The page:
One Medicare supplement policy does not differ from another in quality. Because the plans are regulated by the government, a recipient will not find that the quality differs greatly. What a person buying a new policy wants to know is whether or not he can trust the company.
The regulations mean that an insurance company must follow certain rules before they can be approved to offer Medigap coverage. The original supplemental plans were privately run when they first came out, but that changed in the 90s. Now, a person chooses from standardized plans. Each plan is designated by a letter which does not match the Medicare designations.
The easiest way to compare the quality of a Medicare Supplement policy is to find reviews of specific companies. Pay attention to their customer service, how quickly they pay doctors, and how helpful they are when filling out forms and answering questions. Medicare Supplemental policies administered well will have few complaints, although it is important to remember that no business of any size will have no complaints.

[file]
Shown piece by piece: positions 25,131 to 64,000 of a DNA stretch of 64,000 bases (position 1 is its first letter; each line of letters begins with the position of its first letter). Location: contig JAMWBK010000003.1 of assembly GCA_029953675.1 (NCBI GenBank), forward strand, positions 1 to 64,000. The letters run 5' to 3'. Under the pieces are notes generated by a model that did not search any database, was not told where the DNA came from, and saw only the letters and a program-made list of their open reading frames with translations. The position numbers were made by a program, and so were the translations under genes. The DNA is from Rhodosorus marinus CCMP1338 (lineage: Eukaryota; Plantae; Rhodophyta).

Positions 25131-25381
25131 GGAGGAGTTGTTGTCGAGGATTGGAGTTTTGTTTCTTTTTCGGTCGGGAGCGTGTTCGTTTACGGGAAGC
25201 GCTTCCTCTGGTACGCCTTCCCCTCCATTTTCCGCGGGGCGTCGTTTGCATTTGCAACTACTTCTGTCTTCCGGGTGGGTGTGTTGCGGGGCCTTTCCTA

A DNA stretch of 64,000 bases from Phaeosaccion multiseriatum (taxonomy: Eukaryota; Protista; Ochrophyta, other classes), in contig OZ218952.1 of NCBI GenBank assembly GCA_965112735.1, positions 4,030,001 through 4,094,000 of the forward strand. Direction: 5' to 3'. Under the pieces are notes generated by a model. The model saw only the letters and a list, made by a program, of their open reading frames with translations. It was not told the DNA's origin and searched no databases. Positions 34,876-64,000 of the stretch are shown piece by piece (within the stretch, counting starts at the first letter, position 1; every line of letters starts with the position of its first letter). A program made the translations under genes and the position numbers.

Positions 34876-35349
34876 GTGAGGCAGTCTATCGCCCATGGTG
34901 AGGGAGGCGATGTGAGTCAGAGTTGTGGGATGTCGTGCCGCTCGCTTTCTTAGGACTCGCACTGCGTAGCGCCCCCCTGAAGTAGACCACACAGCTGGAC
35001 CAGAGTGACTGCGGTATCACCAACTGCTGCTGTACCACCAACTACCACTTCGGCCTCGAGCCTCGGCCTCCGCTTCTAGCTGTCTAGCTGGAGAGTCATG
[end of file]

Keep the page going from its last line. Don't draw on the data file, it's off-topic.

The second part of comparing quality is looking at what each plans cover. Plans E, H, I and J are getting phased out in 2010. The quality of each plan differs slightly, although a higher letter does not indicate higher quality.
A Medicare supplement policy can have a small or large issue, depending on who issued the plan. Plans issued by organizations such as AARP or by companies such as Blue Cross or Blue Shield will be accepted by many doctors and hospitals across the nation. Plans issued by smaller companies may not have as large of a coverage area. A person purchasing a Medicare Supplement plan needs to know this information before he makes a purchasing decision. Companies will provide the information when potential customers shop around for coverage.